Consider a REPL with two tuples, a and b.

>>> type(a), type(b)

(<type 'tuple'>, <type 'tuple'>)

>>> a == b

True

So far, so good. But let's dig deeper...

>>> a[0] == b[0]

False

The tuples are equal, but their contents is not.

>>> a is b

True

In fact, there was only ever one tuple.

What is this madness?

>>> a

(nan,)

Welcome to the float zone.

Many parts of python assume that a is b implies a == b, but floats break this assumption. They also break the assumption that hash(a) == hash(b) implies a == b.

>>> hash(float('nan')) == hash(float('nan'))

True

Dicts handle this pretty elegantly:

>>> n = float('nan')

>>> {n: 1}[n]

1

>>> a = {float('nan'): 1, float('nan'): 2}

>>> a

{nan: 1, nan: 2}

## Thursday, September 12, 2019

## Monday, June 3, 2019

### They say a python tuple can't contain itself...

... but here at PDW we abhor that kind of defeatism!

>>> import ctypes

>>> tup = (None,)

>>> ctypes.pythonapi.PyTuple_SetItem.argtypes = ctypes.c_void_p, ctypes.c_int, ctypes.c_void_p

>>> ctypes.pythonapi.PyTuple_SetItem(id(tup), 0, id(tup))

0

Showing the tuple itself is a little problematic

>>> tup

# ... hundreds of lines of parens ...

(((((((((((((((((((((((((((((((((((((((((((((((((((((((((((((((((((((

(((((((((((((((((((((((((((((((((((((((((((((((((((((((((((((((((((((

(((((((((((((((((((((((((((((((((((((((((((((((((((((((((((((((((((((

(((((((((((((((((((((((((((((((((((((((((((((((((((((((((((((((((((((

(((((((((((((((((((((((((((((((((((((((((((((((((((((((((((((((((((((

((Segmentation fault

>>> import ctypes

>>> tup = (None,)

>>> ctypes.pythonapi.PyTuple_SetItem.argtypes = ctypes.c_void_p, ctypes.c_int, ctypes.c_void_p

>>> ctypes.pythonapi.PyTuple_SetItem(id(tup), 0, id(tup))

0

Showing the tuple itself is a little problematic

>>> tup

# ... hundreds of lines of parens ...

(((((((((((((((((((((((((((((((((((((((((((((((((((((((((((((((((((((

(((((((((((((((((((((((((((((((((((((((((((((((((((((((((((((((((((((

(((((((((((((((((((((((((((((((((((((((((((((((((((((((((((((((((((((

(((((((((((((((((((((((((((((((((((((((((((((((((((((((((((((((((((((

(((((((((((((((((((((((((((((((((((((((((((((((((((((((((((((((((((((

((Segmentation fault

## Wednesday, January 23, 2019

### So a list and a tuple walk into a sum()

As a direct side effect of glom's 19.1.0 release, the authors here at PDW got to re-experience one of the more surprising behaviors of three of Python's most basic constructs:

Most experienced developers know the quickest way to combine a short list of short lists:

But what happens when we throw a tuple into the mix:

The trick here is that Python has two addition operators. The simple "+" or "add" operator, used by sum(), and the more nuanced "+=" or "iadd" operator, add's inplace variant.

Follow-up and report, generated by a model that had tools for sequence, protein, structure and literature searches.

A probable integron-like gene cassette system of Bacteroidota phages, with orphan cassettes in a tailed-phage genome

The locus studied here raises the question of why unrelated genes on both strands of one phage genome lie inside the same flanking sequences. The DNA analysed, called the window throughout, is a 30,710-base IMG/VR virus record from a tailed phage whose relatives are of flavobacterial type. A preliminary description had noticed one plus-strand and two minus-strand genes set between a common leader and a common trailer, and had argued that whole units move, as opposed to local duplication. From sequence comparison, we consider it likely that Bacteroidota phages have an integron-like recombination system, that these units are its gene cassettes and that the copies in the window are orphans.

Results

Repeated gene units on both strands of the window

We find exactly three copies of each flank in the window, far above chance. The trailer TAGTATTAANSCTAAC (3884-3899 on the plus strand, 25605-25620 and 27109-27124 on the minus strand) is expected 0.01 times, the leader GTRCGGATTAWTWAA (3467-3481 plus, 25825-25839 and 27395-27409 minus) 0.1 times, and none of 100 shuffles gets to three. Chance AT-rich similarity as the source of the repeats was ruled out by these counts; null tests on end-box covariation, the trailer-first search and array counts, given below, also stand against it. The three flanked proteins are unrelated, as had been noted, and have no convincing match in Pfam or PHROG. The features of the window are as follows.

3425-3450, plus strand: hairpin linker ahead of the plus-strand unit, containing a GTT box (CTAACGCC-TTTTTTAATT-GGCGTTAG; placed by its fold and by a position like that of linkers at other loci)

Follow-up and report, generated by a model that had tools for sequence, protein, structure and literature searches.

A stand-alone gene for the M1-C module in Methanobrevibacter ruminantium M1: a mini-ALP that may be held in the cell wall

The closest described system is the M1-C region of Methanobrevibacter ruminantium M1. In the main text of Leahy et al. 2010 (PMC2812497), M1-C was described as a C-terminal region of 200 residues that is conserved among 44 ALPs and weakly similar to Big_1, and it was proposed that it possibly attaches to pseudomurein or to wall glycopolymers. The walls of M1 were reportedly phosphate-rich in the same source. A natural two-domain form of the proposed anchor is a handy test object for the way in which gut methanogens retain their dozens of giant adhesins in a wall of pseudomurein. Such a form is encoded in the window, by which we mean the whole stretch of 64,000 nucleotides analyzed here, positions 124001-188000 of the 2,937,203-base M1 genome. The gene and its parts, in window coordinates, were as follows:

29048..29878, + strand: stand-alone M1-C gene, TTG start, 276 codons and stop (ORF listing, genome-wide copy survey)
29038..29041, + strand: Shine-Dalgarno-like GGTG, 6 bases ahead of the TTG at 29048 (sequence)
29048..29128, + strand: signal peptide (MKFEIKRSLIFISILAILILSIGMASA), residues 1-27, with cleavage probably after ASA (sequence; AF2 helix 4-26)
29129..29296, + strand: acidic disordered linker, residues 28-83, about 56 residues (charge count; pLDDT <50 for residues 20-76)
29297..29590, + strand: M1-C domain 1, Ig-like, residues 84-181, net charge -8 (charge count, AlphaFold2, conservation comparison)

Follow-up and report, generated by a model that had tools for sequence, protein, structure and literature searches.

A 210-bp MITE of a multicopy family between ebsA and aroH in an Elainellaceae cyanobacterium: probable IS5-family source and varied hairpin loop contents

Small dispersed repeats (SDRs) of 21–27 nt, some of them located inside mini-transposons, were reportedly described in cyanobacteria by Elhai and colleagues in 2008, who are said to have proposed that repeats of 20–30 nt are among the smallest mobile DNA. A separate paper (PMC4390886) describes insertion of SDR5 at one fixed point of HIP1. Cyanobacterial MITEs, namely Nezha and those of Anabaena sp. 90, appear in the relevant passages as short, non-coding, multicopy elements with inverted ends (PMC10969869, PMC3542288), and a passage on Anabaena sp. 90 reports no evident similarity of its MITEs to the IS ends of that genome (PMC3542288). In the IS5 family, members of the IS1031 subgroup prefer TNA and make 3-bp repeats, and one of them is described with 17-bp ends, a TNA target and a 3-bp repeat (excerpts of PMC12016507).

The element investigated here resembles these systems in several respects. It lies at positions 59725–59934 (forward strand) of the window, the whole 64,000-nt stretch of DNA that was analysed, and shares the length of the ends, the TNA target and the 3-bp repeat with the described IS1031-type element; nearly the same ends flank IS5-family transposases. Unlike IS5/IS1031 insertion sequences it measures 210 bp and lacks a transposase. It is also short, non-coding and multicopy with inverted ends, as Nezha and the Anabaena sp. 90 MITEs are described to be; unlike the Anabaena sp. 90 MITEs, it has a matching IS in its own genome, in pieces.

But why is ok for one addition to error and the other to succeed?

Symmetry. And maybe commutativity if you remember that math class.

"+" in Python is symmetric: A + B and B + A should always yield the same result. To do otherwise would be more surprising than any of the surprises above. list and tuple cannot be added with this operator because in a mixed-type situation, the return type would change based on ordering.

Meanwhile, "+=" is asymmetric. The left side of the statement determines the type of the return completely. A += B keeps A's type. A straightforward, Pythonic reason if there ever was one.

Going back to the start of our story, by building on operator.iadd, glom's new flatten() function avoids sum()'s error-raising behavior and works wonders on all manner of nesting iterable.

Most experienced developers know the quickest way to combine a short list of short lists:

list_of_lists = [[1], [2], [3, 4]]Ah, nice and flat, much better.

sum(list_of_lists, [])

# [1, 2, 3, 4]

But what happens when we throw a tuple into the mix:

list_of_seqs = [[1], [2], (3, 4)]This is kind of surprising! Especially when you consider this:

sum(list_of_seqs, [])

# TypeError: can only concatenate list (not "tuple") to list

seq = [1, 2]Why should sum() fail when addition succeeds?! We'll get to that.

seq += (3, 4)

# [1, 2, 3, 4]

new_list = [1, 2] + (3, 4)There's that error again!

# TypeError: can only concatenate list (not "tuple") to list

The trick here is that Python has two addition operators. The simple "+" or "add" operator, used by sum(), and the more nuanced "+=" or "iadd" operator, add's inplace variant.

But why is ok for one addition to error and the other to succeed?

Symmetry. And maybe commutativity if you remember that math class.

"+" in Python is symmetric: A + B and B + A should always yield the same result. To do otherwise would be more surprising than any of the surprises above. list and tuple cannot be added with this operator because in a mixed-type situation, the return type would change based on ordering.

Meanwhile, "+=" is asymmetric. The left side of the statement determines the type of the return completely. A += B keeps A's type. A straightforward, Pythonic reason if there ever was one.

Going back to the start of our story, by building on operator.iadd, glom's new flatten() function avoids sum()'s error-raising behavior and works wonders on all manner of nesting iterable.

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